What was the 2009 auto bailout? Who benefited from it and why did it happen?
The 2008 financial crisis his the auto industry particularly hard. Chrysler and General Motors were struggling and needed assistance, which became known as the 2009 auto bailout.
Read more about the 2009 auto bailout and what the government did.
Obama and the 2009 Auto Bailout
While contending with the precarious state of the financial system, the Obama administration also had to confront another disaster-in-waiting right at the outset: the impending collapse of the once-mighty U.S. auto industry.
The 2008 financial crisis had laid bare long-festering problems with the Big Three automakers—Ford, General Motors, and Chrysler. For decades, the industry had been uncompetitive, producing poor-quality, inefficient cars (relative to their Japanese and European counterparts) that consumers were uninterested in buying. Moreover, the Big Three were on the hook for the rising health care and pension costs of their heavily unionized workforce.
By spring 2009, they were on the verge of collapse, with an urgent need for a top-to-bottom restructuring and overhaul of their core business model. While a rescue of the auto industry was unpopular, the administration felt that there was little alternative. If the Big Three collapsed, it would jeopardize millions of jobs (both at the companies themselves and within the network of suppliers and partmakers who served them) and destroy the communities where they were based.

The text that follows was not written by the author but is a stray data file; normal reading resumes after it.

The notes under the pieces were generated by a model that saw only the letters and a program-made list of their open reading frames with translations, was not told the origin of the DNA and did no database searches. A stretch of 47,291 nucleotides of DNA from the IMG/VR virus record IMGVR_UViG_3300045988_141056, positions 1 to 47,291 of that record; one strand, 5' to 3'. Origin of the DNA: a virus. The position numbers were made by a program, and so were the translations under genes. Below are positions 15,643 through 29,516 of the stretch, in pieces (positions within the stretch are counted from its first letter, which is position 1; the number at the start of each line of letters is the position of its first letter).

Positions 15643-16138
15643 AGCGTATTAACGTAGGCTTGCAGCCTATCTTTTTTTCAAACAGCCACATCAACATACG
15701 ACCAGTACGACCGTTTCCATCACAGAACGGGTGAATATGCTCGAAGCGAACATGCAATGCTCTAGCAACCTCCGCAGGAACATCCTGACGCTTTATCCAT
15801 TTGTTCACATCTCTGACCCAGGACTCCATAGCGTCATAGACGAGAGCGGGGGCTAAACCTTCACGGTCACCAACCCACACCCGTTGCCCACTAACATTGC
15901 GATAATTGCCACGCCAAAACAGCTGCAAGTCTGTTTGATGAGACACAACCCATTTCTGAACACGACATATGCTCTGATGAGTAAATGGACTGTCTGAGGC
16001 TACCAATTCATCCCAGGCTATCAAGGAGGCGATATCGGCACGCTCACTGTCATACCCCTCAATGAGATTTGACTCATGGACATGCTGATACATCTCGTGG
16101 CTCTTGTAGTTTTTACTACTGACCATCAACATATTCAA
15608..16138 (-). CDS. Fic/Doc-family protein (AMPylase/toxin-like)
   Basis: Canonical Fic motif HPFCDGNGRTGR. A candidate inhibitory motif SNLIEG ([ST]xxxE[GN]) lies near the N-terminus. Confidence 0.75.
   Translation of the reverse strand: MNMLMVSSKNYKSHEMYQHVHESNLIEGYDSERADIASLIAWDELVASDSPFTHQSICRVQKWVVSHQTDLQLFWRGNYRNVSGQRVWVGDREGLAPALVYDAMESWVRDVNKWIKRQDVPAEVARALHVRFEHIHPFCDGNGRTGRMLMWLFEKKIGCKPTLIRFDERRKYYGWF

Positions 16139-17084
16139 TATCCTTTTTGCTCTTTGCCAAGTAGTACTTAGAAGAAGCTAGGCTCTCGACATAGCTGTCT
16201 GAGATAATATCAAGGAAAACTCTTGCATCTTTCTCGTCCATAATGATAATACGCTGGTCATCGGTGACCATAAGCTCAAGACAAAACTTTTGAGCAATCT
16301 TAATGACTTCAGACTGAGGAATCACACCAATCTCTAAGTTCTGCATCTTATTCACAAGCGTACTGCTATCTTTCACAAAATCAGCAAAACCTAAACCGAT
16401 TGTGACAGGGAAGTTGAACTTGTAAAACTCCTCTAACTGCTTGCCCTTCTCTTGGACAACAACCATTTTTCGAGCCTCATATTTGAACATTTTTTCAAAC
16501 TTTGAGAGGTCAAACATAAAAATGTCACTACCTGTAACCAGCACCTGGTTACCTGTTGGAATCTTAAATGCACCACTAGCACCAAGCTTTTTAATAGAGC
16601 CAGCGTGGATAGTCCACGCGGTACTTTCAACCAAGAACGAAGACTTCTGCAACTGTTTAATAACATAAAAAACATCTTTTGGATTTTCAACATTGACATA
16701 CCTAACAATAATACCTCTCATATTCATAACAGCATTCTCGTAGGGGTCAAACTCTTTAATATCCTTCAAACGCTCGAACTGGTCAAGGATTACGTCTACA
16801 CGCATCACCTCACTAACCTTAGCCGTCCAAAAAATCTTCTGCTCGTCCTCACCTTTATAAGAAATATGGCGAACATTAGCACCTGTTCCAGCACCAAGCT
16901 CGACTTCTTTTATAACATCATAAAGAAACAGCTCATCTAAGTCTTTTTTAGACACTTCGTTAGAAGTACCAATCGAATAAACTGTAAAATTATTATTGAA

Although Ford was in relatively decent shape, GM and Chrysler were in serious jeopardy, with their management largely delusional about the scale of the problem and the need for change. Although the two firms had received billions of dollars in TARP money (thanks to some creative interpretation of the law by the outgoing Bush administration), they were still in dire straits in early 2009.
The administration convened a White House Auto Task Force to manage the rescue of the industry. The task force’s findings showed that the industry would need more infusions of TARP money. But the bailout was to be conditional on structural changes at both companies. GM CEO Rick Wagoner and the entire board of directors were forced out, with the U.S. government taking a significant temporary ownership stake in the company. The administration also brokered a merger between Fiat and Chrysler, as part of a structured bankruptcy process.
These steps were altogether known as the 2009 auto bailout.
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